Three Lessons for UK Associations from the US

Interested in knowing how our organisations compare to similar ones in the US? Matt Riley, CEO of The Conference Agency, worked for over a decade in US-based associations before founding his conference management service for associations in the UK. Matt shares his insights in a guest blog for memcom below…


Three Lessons for UK Associations from the US…


After 12 years in the American associations industry, I came to London in 2016 and founded a conference management agency. As a newcomer to the UK I’ve learnt the virtues of a good Sunday roast and about a thousand more ways to make small talk about the weather! I’ve also met some amazingly friendly and passionate association execs, and many of them ask me for my thoughts on the UK associations industry. Navigating the cultural shift to the UK has only reinforced my belief that the best outcomes only happen when we share knowledge and best practices with each other. Here are three trends from across the pond that I believe could find fertile soil in the UK:


1. Leveraging Our Members


I’ve noticed that many UK associations seem more staff-driven to me. This may be a by-product of the fact that American associations tend to have larger and stronger chapter/component associations that effectively act as a “farm team” for volunteer leadership. In general, US associations are constantly striving to be more member-driven because they know that leveraging the member base can drive initiatives forward much more powerfully than relying on staff alone. In addition to the extra manpower, getting members more involved in the association’s operations can also increase member engagement across the board. Established practices and governance models also have to accommodate this kind of change. This can’t happen overnight, but in my experience the benefits of embracing a more member-driven approach are well worth the trouble.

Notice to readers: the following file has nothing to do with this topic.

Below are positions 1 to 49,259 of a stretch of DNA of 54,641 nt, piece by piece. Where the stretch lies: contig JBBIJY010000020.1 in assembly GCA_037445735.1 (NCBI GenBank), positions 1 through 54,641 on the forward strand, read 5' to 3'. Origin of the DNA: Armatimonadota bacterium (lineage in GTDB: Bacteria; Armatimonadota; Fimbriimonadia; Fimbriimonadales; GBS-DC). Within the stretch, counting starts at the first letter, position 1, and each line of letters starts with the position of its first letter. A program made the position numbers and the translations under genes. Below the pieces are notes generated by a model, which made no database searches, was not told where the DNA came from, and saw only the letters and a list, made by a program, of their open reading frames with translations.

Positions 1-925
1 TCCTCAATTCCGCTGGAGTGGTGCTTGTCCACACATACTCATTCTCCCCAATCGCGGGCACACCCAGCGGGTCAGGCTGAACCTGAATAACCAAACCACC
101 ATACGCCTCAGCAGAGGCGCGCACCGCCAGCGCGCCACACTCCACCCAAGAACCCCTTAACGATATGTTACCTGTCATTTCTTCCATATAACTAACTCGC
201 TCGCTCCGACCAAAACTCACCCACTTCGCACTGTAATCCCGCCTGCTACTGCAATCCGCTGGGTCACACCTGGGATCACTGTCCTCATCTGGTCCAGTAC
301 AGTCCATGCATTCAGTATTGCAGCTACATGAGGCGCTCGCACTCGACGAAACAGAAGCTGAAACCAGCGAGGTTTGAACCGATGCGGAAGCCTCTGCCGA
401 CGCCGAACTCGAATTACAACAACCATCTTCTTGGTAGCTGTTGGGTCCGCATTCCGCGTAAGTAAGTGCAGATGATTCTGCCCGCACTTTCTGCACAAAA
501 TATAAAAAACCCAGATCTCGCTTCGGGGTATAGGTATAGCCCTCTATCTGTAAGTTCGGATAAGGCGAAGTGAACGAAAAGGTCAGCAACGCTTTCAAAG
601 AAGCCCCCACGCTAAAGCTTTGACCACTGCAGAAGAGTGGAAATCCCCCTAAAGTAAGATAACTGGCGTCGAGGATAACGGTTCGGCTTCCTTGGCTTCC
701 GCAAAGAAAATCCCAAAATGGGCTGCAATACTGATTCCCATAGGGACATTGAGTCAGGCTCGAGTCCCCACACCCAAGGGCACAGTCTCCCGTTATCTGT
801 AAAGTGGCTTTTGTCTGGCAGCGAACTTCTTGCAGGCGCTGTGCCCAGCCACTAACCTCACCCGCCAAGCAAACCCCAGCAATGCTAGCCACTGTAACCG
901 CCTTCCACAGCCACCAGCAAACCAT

2. Embracing Our Own Associations


We could also be doing more to support and engage with memcom and other organizations designed to support our industry. While our friends and family outside the industry might chuckle at the thought of an association for people working in associations, ASAE, which serves this purpose for North America boasts more than 39,000 members. It’s a powerhouse in bringing the industry together to share resources, learn, and collaborate. For me personally, I can’t count the number of professional connections and even successful projects that only exist because of my involvement in ASAE.


In the US, it’s typical for association staffers to be members of not only industry associations like ASAE, but also associations related to their function (meeting planning, finance, HR, etc.). After all, if we aren’t supporting our associations, how can expect our members to support theirs?


3. Shaking Up Events


The typical association conference has become so predictable that it’s sometimes hard to tell them apart. It’s easy to fall into a rut of filling the seminar slots and waiting for the revenue to roll in, but many associations are finding out painfully that today’s delegates won’t keep spending their time and money on the same experience they had last year and the year before. For some time now, US associations have been leading the way in exploring event formats, many of which find their roots in Silicon Valley and the software boom of the late 90’s and early 2000’s.


In April, ASAE hosted its first XDP, or Experience Design Project (, a two-day, business-focused conference for association professionals that doubled as a skunkworks for testing out all manner of new formats, room layouts, and event technology. While there are risks associated with blowing up your longstanding conference program and building something completely new, when done effectively, this can make your event a true milestone rather than just one more new variation on the same old theme.


Matt Riley is the CEO of The Conference Agency, which offers conference management services to associations and others in Europe and North America. His twitter handle is @ML_Riley and his website is

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